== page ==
The trust benefits from a strong and stable management team. The managers have spent their combined 50-plus years investment careers at Schroders. This is a region they know extremely well. Having joined Schroders as a graduate trainee in 1990, Parbrook has spent 25 years (out of a 32-year-long career) in Hong Kong and Singapore. King Fuei is based in Singapore.
7. Active ownership and ESG integration
The managers are supported by an experienced team of more than 40 research analysts (as at August 2022) based in six offices across Asia with an average of 15 years of experience. The team is one of Morningstar’s favourite in the region1. It places high value on regular engagement and its reputation gives it good access to the management of Asian companies.
Schroders believes sustainability and ESG analysis is of greater importance when making investing decisions in Asia than perhaps any other region in the world2. Schroders’ proprietary sustainability tools and extensive engagement with Asian companies provide a wide range of metrics for its analysts to utilise in identifying the best opportunities for investment.
Click here to find out more about the Schroder Asian Total Return Investment Company >
 - Morningstar Opinion, Samuel Lo, 19.01.22
 - Schroder Asian Total Return Investment Company plc Report and Accounts for the year ended 31 December 2021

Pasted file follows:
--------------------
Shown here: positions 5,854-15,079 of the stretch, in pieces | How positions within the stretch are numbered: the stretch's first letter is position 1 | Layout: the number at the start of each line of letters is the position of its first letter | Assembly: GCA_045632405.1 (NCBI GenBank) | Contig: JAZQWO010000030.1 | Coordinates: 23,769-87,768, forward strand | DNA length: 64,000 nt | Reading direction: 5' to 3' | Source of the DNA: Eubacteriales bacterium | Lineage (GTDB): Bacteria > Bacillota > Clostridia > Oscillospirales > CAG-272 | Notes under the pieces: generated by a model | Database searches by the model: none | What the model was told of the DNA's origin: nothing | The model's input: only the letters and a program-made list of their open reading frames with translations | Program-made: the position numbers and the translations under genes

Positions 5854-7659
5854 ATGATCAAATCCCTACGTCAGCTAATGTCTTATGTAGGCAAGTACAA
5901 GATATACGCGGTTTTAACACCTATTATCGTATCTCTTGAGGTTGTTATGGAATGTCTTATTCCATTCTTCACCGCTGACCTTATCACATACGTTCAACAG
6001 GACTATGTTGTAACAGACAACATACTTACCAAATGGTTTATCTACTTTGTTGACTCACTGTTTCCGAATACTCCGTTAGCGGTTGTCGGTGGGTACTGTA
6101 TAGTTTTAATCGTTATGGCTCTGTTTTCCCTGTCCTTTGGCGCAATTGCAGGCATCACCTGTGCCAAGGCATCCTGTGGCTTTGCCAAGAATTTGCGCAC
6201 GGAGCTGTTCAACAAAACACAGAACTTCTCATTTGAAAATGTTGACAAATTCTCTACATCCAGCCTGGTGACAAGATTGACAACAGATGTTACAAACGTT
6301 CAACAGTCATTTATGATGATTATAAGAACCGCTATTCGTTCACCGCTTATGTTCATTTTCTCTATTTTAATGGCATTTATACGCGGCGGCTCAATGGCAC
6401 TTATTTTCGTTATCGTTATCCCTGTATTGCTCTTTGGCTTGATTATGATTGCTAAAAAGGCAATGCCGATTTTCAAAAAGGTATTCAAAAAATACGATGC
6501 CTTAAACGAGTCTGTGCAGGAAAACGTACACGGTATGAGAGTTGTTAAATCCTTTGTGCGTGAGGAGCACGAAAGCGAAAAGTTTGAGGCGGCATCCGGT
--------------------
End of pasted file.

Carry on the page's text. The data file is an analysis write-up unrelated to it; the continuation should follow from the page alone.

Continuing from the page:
Discrete yearly performance (%)
Reference index: MSCI AC Asia Pacific ex JP AR
Please check the latest company factsheet for latest performance figures
Fund risk disclosures
Concentration risk: The company may be concentrated in a limited number of geographical regions, industry sectors, markets and/or individual positions. This may result in large changes in the value of the company, both up or down, which may adversely impact the performance of the company.
Counterparty risk: Investments such as warrants, participation certificates, guaranteed bonds, etc. will expose the company to the risk of the issuer of these instruments defaulting on paying the capital back to the company.
Currency risk: The company can be exposed to different currencies. Changes in foreign exchange rates could create losses.
Derivative risk: The company can use derivatives to assist with efficient management of the portfolio. A derivative may not perform as expected, and may create losses greater than the cost of the derivative.
Emerging markets risk: Emerging markets, and especially frontier markets, generally carry greater political, legal, counterparty and operational risk.
Gearing risk: The company may borrow money to make further investments, this is known as gearing. Gearing will increase returns if the value of the investments purchased increase by more than the cost of borrowing, or reduce returns if they fail to do so. In falling markets, the whole of the value in that investment could be lost, which would result in losses to the fund.
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Issued by Schroder Unit Trusts Limited, 1 London Wall Place, London EC2Y 5AU. Registered Number 4191730 England. Authorised and regulated by the Financial Conduct Authority.